Back in May, EngineLabs Magazine asked readers to send in questions for SCAT Crankshafts’ very own, Tom Lieb. Now, he’s answered 10 questions related to all things crankshafts, connecting rods and pistons.
Check out one of the questions and answers:
I installed a Scat 383 internally balanced forged stroker kit in a first-gen SBC 350 four-bolt main block a while back. Sometime later, I was told by a keyboard cowboy on one of the car forums that the Scat crank required the use of a specific harmonic balancer which I was not using. My engine builder never said anything and I’m curious if there is in fact any problem running a Fluidamper harmonic balancer with a Scat 383 forged crank. If so, what is the preferred balancer?
– Steve Hayes
Tom Lieb: Steve, SCAT cranks do not require a specific harmonic balancer. Like all cranks they require a balancer that is properly designed for a performance engine. 90-percent of crank breakage in the front half of the engine is due to a balancer that is too large in diameter, too heavy, has moving parts, and cannot be balanced with the crankshaft. Moving parts include both fluid and mechanical pieces. These dampers cannot react fast enough to rapid acceleration and deceleration. Therefore, they create harmonics that will eventually fatigue a crank and break it. These dampers were designed for industrial applications that run constant speed in narrow RPM ranges. So, that being said, the smallest diameter, lightest weight, and an elastomer design is best.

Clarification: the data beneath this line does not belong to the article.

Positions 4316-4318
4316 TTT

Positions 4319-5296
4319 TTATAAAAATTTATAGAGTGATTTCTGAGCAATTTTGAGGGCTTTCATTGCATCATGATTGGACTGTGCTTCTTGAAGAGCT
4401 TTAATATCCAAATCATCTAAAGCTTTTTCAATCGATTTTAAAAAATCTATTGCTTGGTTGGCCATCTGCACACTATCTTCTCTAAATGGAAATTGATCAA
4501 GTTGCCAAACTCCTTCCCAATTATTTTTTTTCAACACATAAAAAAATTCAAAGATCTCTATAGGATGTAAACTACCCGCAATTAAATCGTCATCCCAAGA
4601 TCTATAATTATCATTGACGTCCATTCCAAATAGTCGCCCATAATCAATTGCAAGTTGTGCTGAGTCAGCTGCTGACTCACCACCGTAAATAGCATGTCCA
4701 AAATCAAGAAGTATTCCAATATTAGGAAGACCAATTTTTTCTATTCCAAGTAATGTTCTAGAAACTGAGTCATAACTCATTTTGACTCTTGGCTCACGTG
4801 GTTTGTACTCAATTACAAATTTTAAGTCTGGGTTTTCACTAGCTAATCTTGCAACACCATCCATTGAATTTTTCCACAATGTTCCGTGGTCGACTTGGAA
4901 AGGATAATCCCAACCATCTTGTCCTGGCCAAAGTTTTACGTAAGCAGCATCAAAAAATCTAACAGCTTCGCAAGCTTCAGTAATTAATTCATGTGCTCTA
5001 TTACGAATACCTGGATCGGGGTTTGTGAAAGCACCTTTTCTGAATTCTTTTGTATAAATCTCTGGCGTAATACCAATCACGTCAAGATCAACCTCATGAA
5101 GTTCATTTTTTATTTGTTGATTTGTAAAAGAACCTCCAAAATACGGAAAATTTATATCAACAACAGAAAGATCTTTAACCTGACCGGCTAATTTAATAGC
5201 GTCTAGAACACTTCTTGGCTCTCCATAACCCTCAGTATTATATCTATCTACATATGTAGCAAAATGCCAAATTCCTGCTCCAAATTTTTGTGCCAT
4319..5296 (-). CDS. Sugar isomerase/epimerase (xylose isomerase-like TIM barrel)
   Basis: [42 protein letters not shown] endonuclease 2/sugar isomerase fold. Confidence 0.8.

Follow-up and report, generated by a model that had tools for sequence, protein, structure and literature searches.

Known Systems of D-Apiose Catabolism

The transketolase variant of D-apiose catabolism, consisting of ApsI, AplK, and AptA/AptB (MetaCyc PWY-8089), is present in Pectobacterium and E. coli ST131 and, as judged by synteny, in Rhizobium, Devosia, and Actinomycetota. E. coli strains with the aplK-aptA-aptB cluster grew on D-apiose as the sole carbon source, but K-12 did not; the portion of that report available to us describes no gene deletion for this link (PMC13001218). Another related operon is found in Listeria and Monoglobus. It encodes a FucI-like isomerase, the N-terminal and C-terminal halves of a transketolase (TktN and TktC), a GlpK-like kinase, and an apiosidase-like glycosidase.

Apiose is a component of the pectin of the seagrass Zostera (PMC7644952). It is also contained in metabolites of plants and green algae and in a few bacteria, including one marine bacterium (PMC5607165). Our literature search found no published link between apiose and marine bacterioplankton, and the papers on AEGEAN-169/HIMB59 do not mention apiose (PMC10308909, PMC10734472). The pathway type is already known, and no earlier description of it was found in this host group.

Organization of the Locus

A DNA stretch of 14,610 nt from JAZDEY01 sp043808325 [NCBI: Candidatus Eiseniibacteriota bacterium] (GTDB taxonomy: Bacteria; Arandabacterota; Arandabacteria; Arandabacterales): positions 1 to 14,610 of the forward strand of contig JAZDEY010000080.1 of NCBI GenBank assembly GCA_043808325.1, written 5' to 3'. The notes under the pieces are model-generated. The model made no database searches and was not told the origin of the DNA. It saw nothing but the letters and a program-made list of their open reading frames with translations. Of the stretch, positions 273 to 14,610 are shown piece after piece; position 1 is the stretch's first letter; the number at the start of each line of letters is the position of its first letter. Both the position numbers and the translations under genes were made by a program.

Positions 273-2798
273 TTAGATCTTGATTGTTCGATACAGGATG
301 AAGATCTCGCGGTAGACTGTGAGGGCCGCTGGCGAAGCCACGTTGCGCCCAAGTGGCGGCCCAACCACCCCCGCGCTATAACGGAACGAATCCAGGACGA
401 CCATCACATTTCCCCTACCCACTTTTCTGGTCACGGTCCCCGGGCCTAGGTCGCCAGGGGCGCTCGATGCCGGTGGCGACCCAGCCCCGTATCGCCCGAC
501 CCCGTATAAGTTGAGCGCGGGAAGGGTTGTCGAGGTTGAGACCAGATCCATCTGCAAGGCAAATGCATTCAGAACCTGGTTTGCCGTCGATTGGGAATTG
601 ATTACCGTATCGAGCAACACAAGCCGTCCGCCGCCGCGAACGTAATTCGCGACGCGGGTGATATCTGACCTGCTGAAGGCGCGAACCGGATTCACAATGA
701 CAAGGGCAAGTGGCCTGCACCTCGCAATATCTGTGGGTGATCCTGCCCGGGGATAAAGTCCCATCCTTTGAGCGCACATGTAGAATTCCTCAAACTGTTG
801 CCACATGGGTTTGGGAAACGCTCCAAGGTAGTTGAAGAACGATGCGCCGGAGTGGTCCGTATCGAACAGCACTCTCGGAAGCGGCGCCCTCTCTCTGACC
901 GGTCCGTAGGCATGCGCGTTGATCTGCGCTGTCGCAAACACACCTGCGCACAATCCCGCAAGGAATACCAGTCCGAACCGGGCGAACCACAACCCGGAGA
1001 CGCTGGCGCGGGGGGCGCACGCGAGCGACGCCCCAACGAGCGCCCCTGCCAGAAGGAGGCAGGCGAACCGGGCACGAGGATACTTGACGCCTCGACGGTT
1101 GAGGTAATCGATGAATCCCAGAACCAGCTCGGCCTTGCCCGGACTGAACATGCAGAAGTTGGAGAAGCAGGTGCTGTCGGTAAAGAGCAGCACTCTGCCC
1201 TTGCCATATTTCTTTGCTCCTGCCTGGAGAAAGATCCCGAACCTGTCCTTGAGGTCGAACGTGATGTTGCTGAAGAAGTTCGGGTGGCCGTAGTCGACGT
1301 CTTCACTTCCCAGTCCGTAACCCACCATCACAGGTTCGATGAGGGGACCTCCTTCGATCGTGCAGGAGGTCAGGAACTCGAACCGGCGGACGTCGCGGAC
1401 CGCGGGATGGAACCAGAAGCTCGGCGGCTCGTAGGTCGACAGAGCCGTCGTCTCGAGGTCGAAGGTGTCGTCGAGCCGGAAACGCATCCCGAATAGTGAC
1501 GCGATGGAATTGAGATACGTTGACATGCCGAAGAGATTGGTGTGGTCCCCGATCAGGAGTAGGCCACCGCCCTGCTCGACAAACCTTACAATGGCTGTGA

Read the questions and his answers, here.